Numerous focal infections may mimic Kawasaki disease, including:

  • Orbital cellulitis
  • Retropharyngeal phlegmon
  • Deep neck infection
  • Preseptal cellulitis
  • Cervical lymphadenitis
  • Peritonsillar abscess
  • Retropharyngeal cellulitis or abscess

Other differential diagnoses include:

  • Measles
  • Leptospirosis
  • Toxic epidermal necrolysis
  • Juvenile idiopathic arthritis
  • Lyme disease
  • Pediatric rocky mountain spotted fever
  • Infantile polyarteritis nodosa
  • Juvenile idiopathic arthritis

Diagnosis and Workup of Kawasaki Syndrome

The diagnosis of Kawasaki diseases depends mainly on the symptoms. In the initial phases of the condition, almost all patients suffer from increased levels of acute-phase reactants:

  • C-reactive protein
  • Alpha1-antitrypsin
  • Erythrocyte sedimentation rate

Recently, two urine proteins are being used as biomarkers of Kawasaki syndrome, as they are diagnostically superior to CRP and ESR. These two urine proteins are filming C and merino A.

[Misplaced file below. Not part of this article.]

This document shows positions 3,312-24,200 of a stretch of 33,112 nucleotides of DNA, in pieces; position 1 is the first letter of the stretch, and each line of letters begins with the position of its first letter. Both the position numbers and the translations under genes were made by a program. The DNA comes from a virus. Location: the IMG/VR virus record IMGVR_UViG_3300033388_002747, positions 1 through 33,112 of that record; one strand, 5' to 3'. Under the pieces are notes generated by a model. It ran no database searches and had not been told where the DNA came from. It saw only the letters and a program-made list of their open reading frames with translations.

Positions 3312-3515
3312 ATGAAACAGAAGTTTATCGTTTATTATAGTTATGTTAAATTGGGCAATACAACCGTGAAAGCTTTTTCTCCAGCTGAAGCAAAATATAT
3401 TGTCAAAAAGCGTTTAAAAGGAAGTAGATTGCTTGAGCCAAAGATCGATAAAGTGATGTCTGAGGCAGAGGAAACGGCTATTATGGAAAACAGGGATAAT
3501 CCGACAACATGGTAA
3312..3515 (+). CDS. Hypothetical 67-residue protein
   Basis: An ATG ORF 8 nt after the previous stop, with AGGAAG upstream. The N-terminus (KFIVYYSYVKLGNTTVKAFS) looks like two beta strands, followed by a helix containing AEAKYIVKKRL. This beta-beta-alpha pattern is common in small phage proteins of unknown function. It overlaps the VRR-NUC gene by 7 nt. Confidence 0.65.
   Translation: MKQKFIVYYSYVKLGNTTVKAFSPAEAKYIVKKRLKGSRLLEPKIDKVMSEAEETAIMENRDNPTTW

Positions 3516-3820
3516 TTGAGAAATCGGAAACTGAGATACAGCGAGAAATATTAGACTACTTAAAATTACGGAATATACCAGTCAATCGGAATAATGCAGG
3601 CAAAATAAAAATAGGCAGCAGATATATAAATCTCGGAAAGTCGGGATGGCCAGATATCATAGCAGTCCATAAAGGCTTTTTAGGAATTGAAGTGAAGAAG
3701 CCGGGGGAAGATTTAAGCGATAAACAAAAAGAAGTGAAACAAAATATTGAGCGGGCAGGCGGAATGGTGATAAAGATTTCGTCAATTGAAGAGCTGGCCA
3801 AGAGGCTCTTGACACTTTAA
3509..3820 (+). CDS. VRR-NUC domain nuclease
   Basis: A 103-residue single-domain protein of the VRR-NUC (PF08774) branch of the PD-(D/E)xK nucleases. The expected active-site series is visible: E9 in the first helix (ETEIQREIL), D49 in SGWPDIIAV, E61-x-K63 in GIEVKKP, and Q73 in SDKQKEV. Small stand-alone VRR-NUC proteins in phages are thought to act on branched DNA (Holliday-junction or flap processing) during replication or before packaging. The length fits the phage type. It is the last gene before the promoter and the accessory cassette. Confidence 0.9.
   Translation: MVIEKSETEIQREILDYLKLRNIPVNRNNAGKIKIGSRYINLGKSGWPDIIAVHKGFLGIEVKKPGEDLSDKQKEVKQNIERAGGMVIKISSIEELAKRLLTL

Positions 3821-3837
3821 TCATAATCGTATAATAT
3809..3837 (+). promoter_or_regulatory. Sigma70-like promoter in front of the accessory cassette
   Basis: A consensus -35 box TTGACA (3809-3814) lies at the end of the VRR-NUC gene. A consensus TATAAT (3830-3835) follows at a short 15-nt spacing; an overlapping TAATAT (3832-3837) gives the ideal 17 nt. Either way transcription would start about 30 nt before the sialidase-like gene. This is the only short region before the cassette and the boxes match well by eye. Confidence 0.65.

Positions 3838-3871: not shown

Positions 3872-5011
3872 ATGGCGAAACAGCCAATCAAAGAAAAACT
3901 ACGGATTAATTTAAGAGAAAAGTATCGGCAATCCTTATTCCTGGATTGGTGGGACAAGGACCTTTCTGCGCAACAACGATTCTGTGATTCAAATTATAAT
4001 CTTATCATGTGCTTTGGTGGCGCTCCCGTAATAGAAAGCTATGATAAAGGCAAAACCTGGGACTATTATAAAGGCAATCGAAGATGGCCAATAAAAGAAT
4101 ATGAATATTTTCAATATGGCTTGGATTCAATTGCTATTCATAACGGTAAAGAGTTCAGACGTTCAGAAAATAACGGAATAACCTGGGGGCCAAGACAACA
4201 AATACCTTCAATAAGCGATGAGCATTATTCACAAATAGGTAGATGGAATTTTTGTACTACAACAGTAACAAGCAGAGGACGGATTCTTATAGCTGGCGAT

Diagnosis of Kawasaki disease. Image by Lecturio

Treatment of Kawasaki Syndrome

The main goal of management is to relieve the symptoms and prevent the formation of coronary artery disease. The principal step of treatment is the usage of full doses of intravenous immunoglobulin. Aspirin can also be used in the treatment of the condition.

Other medications that can be used in the management of the syndrome include:

  • Cyclophosphamide or methotrexate: This is usually used in cases that are resistant to intravenous immunoglobulin treatment.
  • Clopidogrel, dipyridamole and other anti-platelet drugs: This is mainly used in patients with significant involvement of the coronary arteries and a high risk for thrombus formation.
  • Low-molecular-weight heparin, Warfarin, and other anticoagulants: Used in patients with a high risk of thrombus formation, especially patients with large aneurysms.
  • Infliximab can be used in patients suffering from refractory cases with coronary aneurysms.
  • Corticosteroids are used in patients who do not respond to standard treatments and therapies.
  • A new therapy involving ulinastatin (UTI), a neutrophil elastase inhibitor, is used to treat patients suffering from circulatory shock or pancreatitis; however, it is under clinical trials.